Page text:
Our new translation of Guillaume de Machaut's Rondeaux and Ballades is now available on the website here.
Guillaume was the last and by far the greatest of the 14th century poet-composers. Interest in his music has tended to obscure his fine qualities as a poet in the courtly style. Rondeaux and Ballades, along with Virelais, were the three 'formes fixes' the structured forms of verse in that age, and Guillaume created fine work in all three forms, often adorned with superb vocal settings, of which there are many fine modern recordings available. (I have provided links on the Links Page to source texts and discography also)
The plethora of rhymes in Old French, and the corresponding lack of them in modern English, mean that the strict forms have had to be relaxed a little in order to achieve readable translations, but wherever possible the rhyme-schemes have been maintained.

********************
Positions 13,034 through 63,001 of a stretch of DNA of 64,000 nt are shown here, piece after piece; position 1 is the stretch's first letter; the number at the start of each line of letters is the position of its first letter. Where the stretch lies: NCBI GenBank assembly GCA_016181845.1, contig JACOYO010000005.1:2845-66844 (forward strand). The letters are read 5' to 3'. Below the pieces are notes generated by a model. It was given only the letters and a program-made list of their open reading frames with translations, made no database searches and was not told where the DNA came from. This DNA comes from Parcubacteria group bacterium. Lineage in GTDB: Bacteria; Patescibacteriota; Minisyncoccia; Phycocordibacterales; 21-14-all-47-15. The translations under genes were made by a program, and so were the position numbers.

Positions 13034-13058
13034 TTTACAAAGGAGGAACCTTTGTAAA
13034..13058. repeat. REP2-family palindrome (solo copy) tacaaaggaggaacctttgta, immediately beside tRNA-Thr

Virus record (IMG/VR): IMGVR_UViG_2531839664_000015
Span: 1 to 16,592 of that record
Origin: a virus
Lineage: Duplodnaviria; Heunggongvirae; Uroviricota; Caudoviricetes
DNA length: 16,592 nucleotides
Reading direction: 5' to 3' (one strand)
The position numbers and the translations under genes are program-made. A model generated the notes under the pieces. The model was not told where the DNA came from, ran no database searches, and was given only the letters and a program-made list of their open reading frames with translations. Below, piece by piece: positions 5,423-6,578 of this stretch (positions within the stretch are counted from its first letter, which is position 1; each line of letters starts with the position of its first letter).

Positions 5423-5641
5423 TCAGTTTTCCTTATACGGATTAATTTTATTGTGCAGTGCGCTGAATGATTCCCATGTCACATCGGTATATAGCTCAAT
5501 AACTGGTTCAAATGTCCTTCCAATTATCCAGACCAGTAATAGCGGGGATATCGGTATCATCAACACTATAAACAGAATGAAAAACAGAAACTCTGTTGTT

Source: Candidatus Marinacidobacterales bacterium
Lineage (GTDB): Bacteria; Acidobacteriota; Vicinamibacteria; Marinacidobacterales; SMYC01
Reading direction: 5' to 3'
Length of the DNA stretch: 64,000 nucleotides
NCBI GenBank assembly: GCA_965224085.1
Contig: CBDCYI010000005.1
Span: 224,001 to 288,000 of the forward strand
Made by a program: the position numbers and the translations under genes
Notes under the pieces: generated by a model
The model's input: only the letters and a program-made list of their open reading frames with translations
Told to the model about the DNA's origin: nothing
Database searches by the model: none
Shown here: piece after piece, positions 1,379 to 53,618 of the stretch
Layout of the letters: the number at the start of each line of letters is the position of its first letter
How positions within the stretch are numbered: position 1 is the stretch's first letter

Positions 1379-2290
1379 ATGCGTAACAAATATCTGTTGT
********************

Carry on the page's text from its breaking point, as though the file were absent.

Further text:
I now move on to tackle the Virelais, and then his 23 polyphonic Motets which are mostly 'macaronic' in nature, i.e. consisting of a blend of languages, in this case Old French and Latin, though in some instances they are entirely in the one language or the other. Again, I would also like to translate his innovative blend of verse and prose, entitled 'Le Livre dou Voir Dit' ('The Book of the True Poem'), which celebrates his correspondence with a young female poet. It deserves translation both for its own sake, as it possesses great charm, and to demonstrate his comprehensive treatment of courtly love.
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